And to our clients, it sounds like unnecessary legalese. Why not use “will” when something isn’t mandatory and, when “shall” would be used to refer to something mandatory, just use the plain English word “must?”

A brilliant collaborative colleague taught our team this one and introduced us to Gutierrez de Martinez v. Lamagno, 515 U.S. 417, 433 n. 9 (1995). In Gutierrez, the United States Supreme Court pointed out that, although “shall” generally means “must,” legal writers sometimes use or misuse “shall” to mean “should,” “will,” or “may.” Even the Federal Rules of Evidence and Federal Rules of Civil Procedure have ditched “shall” to avoid ambiguity. If “may” and “must” are good enough for the United States Supreme Court to distinguish non-mandatory from mandatory acts, aren’t they good enough for us?

Issues. This little word just implies trouble, doesn’t it? No one wants to have “issues.” So why don’t we just say “topics” or “agenda items?” Be on the lookout for this word “issues” in many different contexts and avoid it at each. Examples: agendas, one-on-one conversations with the individual clients, and meeting notes. We just don’t need any more “issues.” We have enough!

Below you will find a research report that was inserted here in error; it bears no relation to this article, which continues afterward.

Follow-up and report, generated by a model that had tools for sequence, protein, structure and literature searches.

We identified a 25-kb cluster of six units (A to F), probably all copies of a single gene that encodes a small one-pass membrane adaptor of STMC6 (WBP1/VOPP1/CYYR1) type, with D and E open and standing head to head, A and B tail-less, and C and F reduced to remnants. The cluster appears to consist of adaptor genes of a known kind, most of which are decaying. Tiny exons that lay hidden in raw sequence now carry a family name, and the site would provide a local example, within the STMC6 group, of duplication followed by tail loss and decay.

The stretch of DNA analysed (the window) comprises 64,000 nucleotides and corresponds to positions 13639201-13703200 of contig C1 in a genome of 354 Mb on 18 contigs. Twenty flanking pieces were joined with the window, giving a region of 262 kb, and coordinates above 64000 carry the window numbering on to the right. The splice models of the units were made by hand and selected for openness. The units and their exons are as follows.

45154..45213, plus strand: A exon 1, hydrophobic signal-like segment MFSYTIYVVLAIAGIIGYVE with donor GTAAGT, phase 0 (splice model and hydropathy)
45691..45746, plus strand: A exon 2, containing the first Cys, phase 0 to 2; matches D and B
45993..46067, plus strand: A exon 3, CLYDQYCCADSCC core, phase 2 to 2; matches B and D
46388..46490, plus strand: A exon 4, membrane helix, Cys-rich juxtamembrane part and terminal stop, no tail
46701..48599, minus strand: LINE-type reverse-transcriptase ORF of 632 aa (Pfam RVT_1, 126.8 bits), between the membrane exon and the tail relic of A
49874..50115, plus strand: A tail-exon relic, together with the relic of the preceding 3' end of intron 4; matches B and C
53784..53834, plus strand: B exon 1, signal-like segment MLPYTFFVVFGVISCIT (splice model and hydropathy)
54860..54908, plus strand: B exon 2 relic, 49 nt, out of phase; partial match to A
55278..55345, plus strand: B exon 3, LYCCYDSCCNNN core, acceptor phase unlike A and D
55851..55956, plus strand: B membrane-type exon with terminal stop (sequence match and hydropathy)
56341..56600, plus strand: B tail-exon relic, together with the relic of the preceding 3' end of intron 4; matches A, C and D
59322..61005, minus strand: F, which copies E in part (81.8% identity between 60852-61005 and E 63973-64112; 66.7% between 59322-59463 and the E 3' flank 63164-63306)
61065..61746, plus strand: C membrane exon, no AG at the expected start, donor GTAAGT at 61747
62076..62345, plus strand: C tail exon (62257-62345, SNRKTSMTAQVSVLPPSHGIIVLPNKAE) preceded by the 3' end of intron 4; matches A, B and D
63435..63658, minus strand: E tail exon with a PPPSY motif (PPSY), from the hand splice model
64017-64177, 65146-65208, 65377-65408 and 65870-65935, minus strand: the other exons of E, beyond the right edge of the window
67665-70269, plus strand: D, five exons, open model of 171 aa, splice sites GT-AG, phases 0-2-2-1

MHP. More and more, I have noticed clients don’t like the thought of needing a “mental health professional” (MHP) in their divorce. Even a collaboratively divorcing spouse may claim the other spouse is the Devil incarnate much in need of involuntary commitment. Yet mention an MHP and they shudder. They also don’t want to pay for an MHP. After all, many couples have already tried expensive marriage therapy that didn’t work, leaving them skeptical about benefits from having an MHP guide the collaborative team. Therefore, why not just lose the terms “MHP” and “Mental Health Professional” and call them “collaborative facilitator” or just “facilitator?” In our local teams’ experience, this simple change makes a big difference in people’s perception of and their willingness to pay this essential professional.

Hopefully, these suggestions will be easy to try and might make a significant impact in perception. A famous book says, “Death and Life are in the power of the tongue, And those who love it will eat its fruit.” (Proverbs, 18:21). As collaborative professionals, it is imperative that we choose our words wisely. Our clients are counting on us to use every tool in our toolbelt, including how we say things, to get them through this.